Paris. 1756. Two volumes. ,xiv,463pp. (and pp.437-50, pagination repeated); ,513,pp., plus seven folding maps. This set lacks the 6pp. of errata sometimes found. Quarto. Contemporary calf, rebacked, gilt leather labels. Corners slightly worn. Older institutional stamps removed from titlepages, contemporary authorship note on each titlepage. Minor foxing and age toning, some light scattered soiling. About very good. Item #WRCAM48437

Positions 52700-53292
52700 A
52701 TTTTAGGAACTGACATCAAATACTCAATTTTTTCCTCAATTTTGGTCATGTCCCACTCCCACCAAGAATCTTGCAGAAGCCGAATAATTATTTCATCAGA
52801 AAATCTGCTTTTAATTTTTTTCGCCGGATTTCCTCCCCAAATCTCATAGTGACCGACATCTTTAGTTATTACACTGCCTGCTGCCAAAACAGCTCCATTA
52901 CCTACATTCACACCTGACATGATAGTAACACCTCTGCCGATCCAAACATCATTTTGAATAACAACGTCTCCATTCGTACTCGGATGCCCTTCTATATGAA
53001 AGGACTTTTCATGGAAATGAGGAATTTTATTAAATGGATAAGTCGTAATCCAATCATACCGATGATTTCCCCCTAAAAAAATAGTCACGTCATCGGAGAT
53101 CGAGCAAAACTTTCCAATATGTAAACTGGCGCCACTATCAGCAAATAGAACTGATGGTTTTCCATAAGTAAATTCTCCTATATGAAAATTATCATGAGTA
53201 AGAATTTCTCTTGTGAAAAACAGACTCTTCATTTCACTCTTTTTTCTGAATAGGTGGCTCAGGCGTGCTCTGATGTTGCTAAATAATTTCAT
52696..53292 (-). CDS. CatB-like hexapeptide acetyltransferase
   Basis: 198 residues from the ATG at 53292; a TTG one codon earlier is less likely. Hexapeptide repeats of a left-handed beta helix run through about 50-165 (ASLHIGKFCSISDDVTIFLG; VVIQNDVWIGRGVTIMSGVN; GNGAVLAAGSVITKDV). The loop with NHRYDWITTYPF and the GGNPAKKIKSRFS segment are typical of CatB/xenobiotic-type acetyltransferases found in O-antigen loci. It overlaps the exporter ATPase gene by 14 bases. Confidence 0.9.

A fundamentally important work on early exploration and discovery in the Pacific. Charles de Brosses was president of the Burgundian Parlement, and a shareholder in the French India Company. His work is the first collection of voyages to deal exclusively with the Pacific, and was intended to spur French commercial activity and colonization in the region. Brosses includes a long essay on the advantages to be gained from discoveries and an actual plan for a voyage and settlement. His ideas influenced Bougainville on the French navigator's Pacific explorations and colonization of the Falklands. Captain Cook took a copy of Brosses' work with him on his first voyage, which is ironic because part of the author's aim was to preempt and challenge British exploration in the Pacific. John Callendar largely copied Brosses' work for his TERRA AUSTRALIS COGNITA (1768). Brosses coined several important terms in this work, including "Australasia" and "Polynesia," though the idea of calling the southeastern Pacific "Magellanica" has not survived. "This is an extremely important and thorough collection of voyages, and one of the outstanding works relating to the early history of Australasia. It contains an account of all voyages, beginning with the second expedition of Vespucci in 1502 and ending in 1747, in which navigators touched upon the supposed southern continent of Magellanica, which is now represented by Australia and some scattered islands in the Antarctic regions. It also contains the voyages of Magellan, Drake, Hawkins, Nodal, Schouten, Tasman, and others. The work...is of special importance because in it Brosses proposes that France should settle Australia with her foundlings, beggars, and criminals" - Hill. The collection contains several significant maps, including Vaugondy's "Carte reduite de l'Australie pour servir a la lecture de l'Histoire des Terres Australes." There are also maps of the Caroline Islands, New Guinea, and the Straits of Magellan, among others. A rare and important work. SABIN 8388. HILL 190. KROEPELIEN 132. TOOLEY, MAPPING OF AUSTRALIA AND ANTARCTICA, pp.215, 294. AUSTRALASIAN BIBLIOGRAPHY PART I, p.59. O'REILLY & REITMAN 93. COX I, pp.17-18. SPENCE 154. NMM I:39. DUNMORE, FRENCH EXPLORERS IN THE PACIFIC I, pp.45-50.